So that's why in the traumatic triad of the polio shots there was the "public" in addition to the "fear" and the "pain", because the "public" aspect of the "fear" and "pain" harmed the most precious quality of all, the child's pride. (So there is another lesson for absolutely nothing that harms a child's sense of pride, but how many schools actually work to aggressively DO that very thing?).

So there we were in line to get our polio shot, each one locked into our fear, and when we got closer to the gymnasium door, it only got worse, because now what we could hear every time the door opened was a torrent of screaming and crying coming from the children inside. I don't see how the emotions could be much different from those felt by cattle being led to a slaughter house.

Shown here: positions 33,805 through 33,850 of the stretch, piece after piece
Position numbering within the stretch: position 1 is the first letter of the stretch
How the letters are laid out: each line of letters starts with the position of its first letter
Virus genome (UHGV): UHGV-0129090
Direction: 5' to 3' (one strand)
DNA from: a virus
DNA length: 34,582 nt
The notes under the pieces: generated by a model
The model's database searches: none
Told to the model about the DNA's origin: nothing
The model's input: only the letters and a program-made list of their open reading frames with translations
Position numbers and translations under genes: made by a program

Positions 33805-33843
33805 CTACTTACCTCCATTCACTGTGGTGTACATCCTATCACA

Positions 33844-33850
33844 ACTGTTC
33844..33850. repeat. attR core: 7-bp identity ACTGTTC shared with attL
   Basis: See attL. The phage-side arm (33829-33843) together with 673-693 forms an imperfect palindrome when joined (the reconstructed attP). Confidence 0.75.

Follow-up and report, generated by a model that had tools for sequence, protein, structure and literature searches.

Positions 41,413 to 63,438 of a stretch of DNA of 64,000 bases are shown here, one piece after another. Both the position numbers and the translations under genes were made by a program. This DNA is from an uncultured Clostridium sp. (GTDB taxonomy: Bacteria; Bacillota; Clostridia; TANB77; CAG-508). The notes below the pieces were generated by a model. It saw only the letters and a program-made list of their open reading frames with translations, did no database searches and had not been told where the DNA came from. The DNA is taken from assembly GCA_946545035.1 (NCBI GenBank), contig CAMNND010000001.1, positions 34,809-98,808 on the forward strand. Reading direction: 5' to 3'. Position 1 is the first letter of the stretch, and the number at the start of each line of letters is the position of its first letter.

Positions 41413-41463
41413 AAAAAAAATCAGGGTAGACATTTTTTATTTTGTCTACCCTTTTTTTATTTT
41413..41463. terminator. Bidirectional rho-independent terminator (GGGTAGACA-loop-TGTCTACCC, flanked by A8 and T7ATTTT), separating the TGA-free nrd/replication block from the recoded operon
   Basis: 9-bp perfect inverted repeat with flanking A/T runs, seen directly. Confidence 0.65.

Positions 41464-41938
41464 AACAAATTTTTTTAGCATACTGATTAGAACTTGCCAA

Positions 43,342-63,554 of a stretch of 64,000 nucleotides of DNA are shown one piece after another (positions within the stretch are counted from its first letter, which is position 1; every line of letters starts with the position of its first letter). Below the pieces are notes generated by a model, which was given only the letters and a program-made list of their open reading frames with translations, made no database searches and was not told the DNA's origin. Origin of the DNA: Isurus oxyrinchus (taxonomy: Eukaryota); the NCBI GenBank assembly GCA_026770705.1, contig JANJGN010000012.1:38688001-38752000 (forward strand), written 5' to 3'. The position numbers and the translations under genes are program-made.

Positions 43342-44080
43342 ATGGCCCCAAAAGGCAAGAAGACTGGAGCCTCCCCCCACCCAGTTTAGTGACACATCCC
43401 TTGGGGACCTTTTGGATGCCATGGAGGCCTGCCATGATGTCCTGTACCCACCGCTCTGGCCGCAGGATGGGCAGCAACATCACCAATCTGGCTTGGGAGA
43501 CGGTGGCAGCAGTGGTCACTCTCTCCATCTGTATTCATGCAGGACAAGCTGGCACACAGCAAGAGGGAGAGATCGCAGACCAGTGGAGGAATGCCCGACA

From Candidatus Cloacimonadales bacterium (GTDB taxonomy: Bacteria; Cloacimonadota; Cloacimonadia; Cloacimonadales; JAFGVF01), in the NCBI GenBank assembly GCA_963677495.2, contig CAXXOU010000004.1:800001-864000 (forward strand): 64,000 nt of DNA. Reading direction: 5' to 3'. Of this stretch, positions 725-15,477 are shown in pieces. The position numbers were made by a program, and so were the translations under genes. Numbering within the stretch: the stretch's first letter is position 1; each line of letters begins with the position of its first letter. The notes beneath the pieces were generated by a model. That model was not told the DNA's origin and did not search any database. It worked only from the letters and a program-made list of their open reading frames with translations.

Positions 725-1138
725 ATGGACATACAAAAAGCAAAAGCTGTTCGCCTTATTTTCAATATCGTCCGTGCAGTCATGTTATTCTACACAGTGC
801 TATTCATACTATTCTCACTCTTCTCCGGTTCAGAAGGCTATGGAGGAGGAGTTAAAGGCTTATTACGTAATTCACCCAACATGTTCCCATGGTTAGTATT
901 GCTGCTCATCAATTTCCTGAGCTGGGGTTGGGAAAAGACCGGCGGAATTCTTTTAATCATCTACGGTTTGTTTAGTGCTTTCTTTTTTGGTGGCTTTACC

And I remember once I got INSIDE! There was a long table covered with a (sterile?) white tablecloth and lined up along it were about twenty (I remember them as black and silver metallic) syringes with long needles sticking out of the end of them, and behind the table were several white-uniformed nurses filling these syringes by sticking the needles into the rubber ends of bottles of medicine and next to those nurses were a few more who would take the next child by an arm, roll up the sleeve or his or her shirt or blouse, wipe their arm with a frightening-smelling liquid (alcohol, I guess), and one of the several doctors would pick up one of the filled syringes and jab it into the arm of the swabbed boy or girl who either was already screaming or crying, or mortifyingly did once the needle entered their arm. The doctors would repeatedly say, "If you are good, you get a lollypop", and one of two final nurses standing by with lollypops would hand them out, saying "You get a green one!" or "You get a red one", etc., and the child receiving it would tear the clear plastic wrapper off and toss the wrapper into a wastebasket proffered by the very last nurse and then they ran to freedom out the back door.